Webster University in Vienna has been accepted in the “Microeconomics of Competitiveness” network led by Harvard professor Michael E. Porter at the Institute for Strategy and Competitiveness at Harvard Business School.
Members of this network are leading business schools that collaborate in research and the advising of governments and companies to increase their competitiveness. At its campus in Vienna, Austria, Webster University offers a a master’s level course that explores the determinants of competitiveness and successful economic development. Course content and materials are aligned with and provided by Porter.
Increasing Competitiveness of Austrian Companies
Christopher Kummer, director of the Business master’s program at Webster Vienna, has become an Associated Faculty at the Institute for Strategy and Competitiveness and leads the initiative.
“This cooperation enables us to teach an important topic like competitiveness at the quality level of such a distinguished thought leader like Michael Porter,” Kummer said. “As part of the network, we strive to increase the competitiveness of Austria, Austrian companies and the region with our research and advice.“
“Bringing this opportunity to our Walker School of Business students in Vienna is another example of Webster University setting the standard for global education,” said Benjamin Ola. Akande, dean of Webster University’s George Herbert Walker School of Business. “It also allows our faculty to collaborate with their colleagues at Harvard.”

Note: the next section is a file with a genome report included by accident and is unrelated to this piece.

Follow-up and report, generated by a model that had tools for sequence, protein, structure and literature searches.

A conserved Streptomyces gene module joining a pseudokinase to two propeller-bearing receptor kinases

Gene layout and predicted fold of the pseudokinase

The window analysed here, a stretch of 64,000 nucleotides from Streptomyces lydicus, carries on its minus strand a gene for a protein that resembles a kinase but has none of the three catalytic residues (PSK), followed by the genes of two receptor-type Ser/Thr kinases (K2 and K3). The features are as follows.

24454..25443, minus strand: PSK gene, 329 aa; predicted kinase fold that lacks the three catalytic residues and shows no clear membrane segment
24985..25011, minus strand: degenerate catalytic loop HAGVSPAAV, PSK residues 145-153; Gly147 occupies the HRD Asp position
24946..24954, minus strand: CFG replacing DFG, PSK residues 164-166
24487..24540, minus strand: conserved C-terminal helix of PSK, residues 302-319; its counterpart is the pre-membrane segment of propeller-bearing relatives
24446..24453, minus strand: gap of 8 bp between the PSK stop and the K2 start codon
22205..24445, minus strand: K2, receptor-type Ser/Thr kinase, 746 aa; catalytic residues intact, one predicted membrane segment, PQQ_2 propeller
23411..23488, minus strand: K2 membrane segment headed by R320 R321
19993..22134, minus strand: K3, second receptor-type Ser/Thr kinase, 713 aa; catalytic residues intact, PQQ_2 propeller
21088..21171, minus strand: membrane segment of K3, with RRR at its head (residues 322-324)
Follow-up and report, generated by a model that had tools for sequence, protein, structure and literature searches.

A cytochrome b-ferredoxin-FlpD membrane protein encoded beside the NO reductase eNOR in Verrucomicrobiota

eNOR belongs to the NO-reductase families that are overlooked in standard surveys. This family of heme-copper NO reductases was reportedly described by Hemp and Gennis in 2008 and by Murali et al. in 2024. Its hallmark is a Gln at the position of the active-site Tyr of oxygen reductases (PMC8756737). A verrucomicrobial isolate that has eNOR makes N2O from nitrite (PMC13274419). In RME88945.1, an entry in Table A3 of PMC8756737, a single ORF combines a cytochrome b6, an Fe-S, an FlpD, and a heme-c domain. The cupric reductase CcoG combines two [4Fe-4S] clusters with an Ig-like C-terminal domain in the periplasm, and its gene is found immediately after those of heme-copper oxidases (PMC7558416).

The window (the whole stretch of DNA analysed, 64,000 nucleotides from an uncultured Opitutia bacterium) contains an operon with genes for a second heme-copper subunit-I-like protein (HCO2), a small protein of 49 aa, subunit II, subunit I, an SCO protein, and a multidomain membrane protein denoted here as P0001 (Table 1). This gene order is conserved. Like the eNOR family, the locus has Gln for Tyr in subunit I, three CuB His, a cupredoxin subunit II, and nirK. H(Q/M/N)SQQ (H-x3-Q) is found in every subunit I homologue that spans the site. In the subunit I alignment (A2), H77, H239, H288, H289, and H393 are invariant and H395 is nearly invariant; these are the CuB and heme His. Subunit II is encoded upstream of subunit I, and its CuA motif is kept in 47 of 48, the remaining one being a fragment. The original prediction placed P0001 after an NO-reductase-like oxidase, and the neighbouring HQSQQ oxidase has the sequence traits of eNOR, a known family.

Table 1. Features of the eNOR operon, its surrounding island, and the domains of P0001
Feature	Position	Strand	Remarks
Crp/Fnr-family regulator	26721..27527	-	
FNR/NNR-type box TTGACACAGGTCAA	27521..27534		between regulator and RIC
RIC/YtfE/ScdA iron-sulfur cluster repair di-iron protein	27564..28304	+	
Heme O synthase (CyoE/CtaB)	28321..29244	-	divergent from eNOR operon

About the Institute for Strategy and Competitiveness
The Institute for Strategy and Competitiveness at Harvard Business School, founded and led by Michael E. Porter, Bishop William Lawrence University Professor, studies competition and its implications for company strategy; the competitiveness of nations, regions and cities; and solutions to social problems. The Institute is dedicated to extending the research pioneered by Professor Porter and disseminating it to scholars and practitioners on a global basis. Michael Porter received the first Lifetime Achievement Award in Economic Development from the U.S. Department of Commerce in 2008. The award will be presented only rarely, when a private citizen’s body of work and assistance to the federal government has significantly enhanced the nation’s approach to economic development.